History, Arthur Currie Presentation

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by alexx9
Last updated 8 years ago

Discipline:
Social Studies
Subject:
Historical biographies
Grade:
10

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History, Arthur Currie Presentation

My glogster presentation is on Sir General Arthur Currie and my research question was ; what role did Arthur Currie play in WW1? Well, Arthur Currie played a big role, as a tactician, in WW1. He was commander officer for many of the battles he faced. Currie was in many battles but his biggest contributes were to Vimy Ridge, Passchendaele, and Canada's 100 days.

In conclusion, Arthur Currie played a huge role in WW1. He took tactician to the next level by researching about past battles, giving his troops maps, rehearsings his plans, and he was careful with the lives of his men, which resulted in his troops respect. He was involved in many battles and for almost all of them he came home with a victory. He played a role in Passchendaele, Vimy Ridge, and Canada's 100 days, and he played the role very well. Therefore, Arthur Currie was Canada's top commander in WW1 and was one of the greatest tacticians of the war.

The first role Arthur Currie played in WW1 was the battle of Vimy Ridge. The Canadian troops were under the command of the British until 1917, when Major-General Arthur Currie and General Sir Julian Byng took over to plan the attack of Vimy Ridge. Some believed that this was mission impossible, but Currie and Byng studied their past strategies and developed an offensive plan to strike at the Germans and take over Vimy Ridge. On April 9th, 1917, the Canadians launched their first attack and forced the Germans from their position. By April 12th their mission was a success. The Canadians were able to hold Vimy Ridge for their allies and expose the German;s territory. It was a victory for Arthur Currie. After Vimy, Currie moved up the totem pole and received temporary rank of lieutenant- general and was awarded with the command of the entire Canadian Corps.

What role did Arthur Currie play in WW1?

Sir Arthur William Currie was born on December 5th , in Napperton, Ontario, Canada. Currie started off in real estate and insurance but soon realized his love for soldiering. Throughout Currie's career, as the leader of the Canadian Corps during WW1, he lead his troops through many battles including Mont-Sorrel, the Somme, Fresnoy, Vimy, and Passchendaele. Later in his career, he gave up the position of the general of Canadian military forces and became principle for McGill University in Montreal. Currie was awarded with many medals including ; Knight Commander of the Bath, the Legion d'honneur, Croix de Guerre, and many more. Currie lived a short but fulfilled life, dying at the age of 58, in 1933.

Breif Biography

Currie at practice attack near Vimy Ridge

Sir General Arthur Currie

By: Alex Ryckman

This is the bridge that the Canadians built over Canal du Nord.

The last role that Arthur Currie played in WW1 was Canada's 100 days. But, there was one specific battle I’m going to focus on, which is Canal du Nord. In the outskirts of France, another battle was to take place, called Canal du Nord. Field Marshall Sir Douglas Haig wanted to pointlessly hurl 6000 Canadians at the German territory but there was one small problem, the Canal was in the middle of it. Currie disagreed with Haig because Haig still wanted to go through with that plan, but Currie thought that was suicide. Currie devised a plan that involved attacking the Germans at night. He was to silently send 6000 troops across the Canal to surprise the Germans in the morning. The chance Currie had to take was losing his job if his plan failed. But, he was willing to take it. They brought in engineers to build bridges and the rehearsed the plan until it was time for the real thing. On September 27th ,1918, the plan was put into action. The Canadian Corps captured 4000 prisoners, 102 guns, and hundreds of machine guns. The Canadian Corps were successful and collapsed the Germans line, pulling of Currie's risky plan.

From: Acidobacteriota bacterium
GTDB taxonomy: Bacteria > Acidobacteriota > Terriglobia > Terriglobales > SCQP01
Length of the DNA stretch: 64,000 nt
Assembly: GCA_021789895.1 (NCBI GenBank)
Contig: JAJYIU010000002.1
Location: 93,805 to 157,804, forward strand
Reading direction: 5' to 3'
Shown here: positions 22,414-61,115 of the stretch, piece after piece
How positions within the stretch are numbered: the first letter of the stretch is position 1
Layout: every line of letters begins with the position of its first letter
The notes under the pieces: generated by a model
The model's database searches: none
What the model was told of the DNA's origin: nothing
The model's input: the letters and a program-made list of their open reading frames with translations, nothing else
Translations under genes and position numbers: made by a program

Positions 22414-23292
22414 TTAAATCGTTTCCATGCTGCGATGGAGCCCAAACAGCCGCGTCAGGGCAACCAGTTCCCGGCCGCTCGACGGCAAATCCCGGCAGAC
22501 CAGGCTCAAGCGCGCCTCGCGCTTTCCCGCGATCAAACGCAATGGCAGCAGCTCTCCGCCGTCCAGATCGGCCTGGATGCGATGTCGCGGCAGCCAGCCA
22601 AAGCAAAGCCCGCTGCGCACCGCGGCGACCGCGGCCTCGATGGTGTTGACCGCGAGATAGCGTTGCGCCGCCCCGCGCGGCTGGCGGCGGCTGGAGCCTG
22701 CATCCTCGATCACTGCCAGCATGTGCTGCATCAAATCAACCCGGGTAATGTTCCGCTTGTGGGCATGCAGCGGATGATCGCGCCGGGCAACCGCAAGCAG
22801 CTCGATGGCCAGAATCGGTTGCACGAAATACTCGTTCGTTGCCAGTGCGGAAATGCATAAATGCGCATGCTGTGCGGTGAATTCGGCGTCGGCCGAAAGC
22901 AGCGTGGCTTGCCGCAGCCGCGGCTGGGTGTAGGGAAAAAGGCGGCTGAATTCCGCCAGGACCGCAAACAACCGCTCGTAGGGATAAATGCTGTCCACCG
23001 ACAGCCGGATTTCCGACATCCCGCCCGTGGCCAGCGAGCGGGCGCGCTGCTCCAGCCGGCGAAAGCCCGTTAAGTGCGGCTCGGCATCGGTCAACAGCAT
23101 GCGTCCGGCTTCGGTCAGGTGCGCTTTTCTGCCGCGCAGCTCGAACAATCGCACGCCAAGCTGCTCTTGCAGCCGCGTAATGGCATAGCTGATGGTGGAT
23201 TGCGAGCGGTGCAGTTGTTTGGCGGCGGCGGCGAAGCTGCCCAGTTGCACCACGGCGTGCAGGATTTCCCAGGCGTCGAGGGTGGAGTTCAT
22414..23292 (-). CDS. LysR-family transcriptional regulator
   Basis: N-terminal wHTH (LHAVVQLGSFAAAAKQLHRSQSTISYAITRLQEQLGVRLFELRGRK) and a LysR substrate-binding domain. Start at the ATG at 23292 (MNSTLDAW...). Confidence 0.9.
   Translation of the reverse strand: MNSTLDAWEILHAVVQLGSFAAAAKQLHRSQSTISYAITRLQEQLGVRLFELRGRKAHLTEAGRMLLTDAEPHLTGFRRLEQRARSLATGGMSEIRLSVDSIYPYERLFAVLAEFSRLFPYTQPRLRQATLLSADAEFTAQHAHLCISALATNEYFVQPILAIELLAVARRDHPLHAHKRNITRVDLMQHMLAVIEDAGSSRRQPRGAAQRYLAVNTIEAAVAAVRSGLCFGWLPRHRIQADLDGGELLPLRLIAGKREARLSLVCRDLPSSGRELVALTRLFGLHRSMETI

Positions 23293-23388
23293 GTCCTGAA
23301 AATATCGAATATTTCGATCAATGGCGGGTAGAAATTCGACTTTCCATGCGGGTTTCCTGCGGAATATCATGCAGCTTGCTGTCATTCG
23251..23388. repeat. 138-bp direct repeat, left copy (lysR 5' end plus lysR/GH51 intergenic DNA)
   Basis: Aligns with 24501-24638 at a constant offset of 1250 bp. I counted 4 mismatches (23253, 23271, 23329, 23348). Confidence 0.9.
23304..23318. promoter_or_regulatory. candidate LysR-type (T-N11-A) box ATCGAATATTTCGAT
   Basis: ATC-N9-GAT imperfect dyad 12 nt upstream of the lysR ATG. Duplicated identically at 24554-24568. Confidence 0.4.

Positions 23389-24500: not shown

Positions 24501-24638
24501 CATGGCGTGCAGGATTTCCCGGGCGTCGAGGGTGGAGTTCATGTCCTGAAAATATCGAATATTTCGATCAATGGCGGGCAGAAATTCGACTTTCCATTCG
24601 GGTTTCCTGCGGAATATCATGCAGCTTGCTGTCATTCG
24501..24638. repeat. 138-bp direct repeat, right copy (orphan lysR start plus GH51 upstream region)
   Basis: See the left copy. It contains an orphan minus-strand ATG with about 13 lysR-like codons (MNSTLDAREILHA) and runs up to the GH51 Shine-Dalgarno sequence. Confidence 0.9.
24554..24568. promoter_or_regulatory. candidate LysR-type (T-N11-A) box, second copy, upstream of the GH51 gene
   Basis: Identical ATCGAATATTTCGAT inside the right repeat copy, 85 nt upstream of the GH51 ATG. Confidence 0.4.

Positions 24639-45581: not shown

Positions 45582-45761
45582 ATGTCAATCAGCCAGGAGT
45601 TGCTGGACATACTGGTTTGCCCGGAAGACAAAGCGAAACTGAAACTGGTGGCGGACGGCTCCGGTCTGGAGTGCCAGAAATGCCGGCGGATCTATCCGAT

This was the mud and puddles of Passchendaele.

The second role Arthur Currie played in WW1, was Passchendaele. Passchendaele was located in Belgium and was fought for four months before Sir Douglas Haig Called in Arthur Currie and the Canadian Corps. Currie refused the position at first because “it wasn't worth a drop of blood,” but he was over ruled by the British. Currie would only agree on the terms that he wouldn't have to serve under Sir Hubert Gough and he would be given at least 587 artillery pieces, Haig agreed. Currie's plan was to take over German defenses one bit at a time. This involved seizing each village one at a time and capturing Germans channel ports, which were valuable to the Germans plans. Currie lead the Allies into Passchendaele with 16 000 men. The first “bite” out of German defenses was to start October 26th, 1917, and by the end of that day they already had 2500 casualties. The second bite of the Germans was October 30th . They were to hit the ground surrounding the Germans concrete bunkers causing it to collapse upon itself. The Allies were making a difference but it was a costly one because of how many casualties. By November 10th , the Canadians took over and the Germans were unable to retake their positions. The battle of the mud puddles filled with dead bodies was a costly success for Canada and the Allies.


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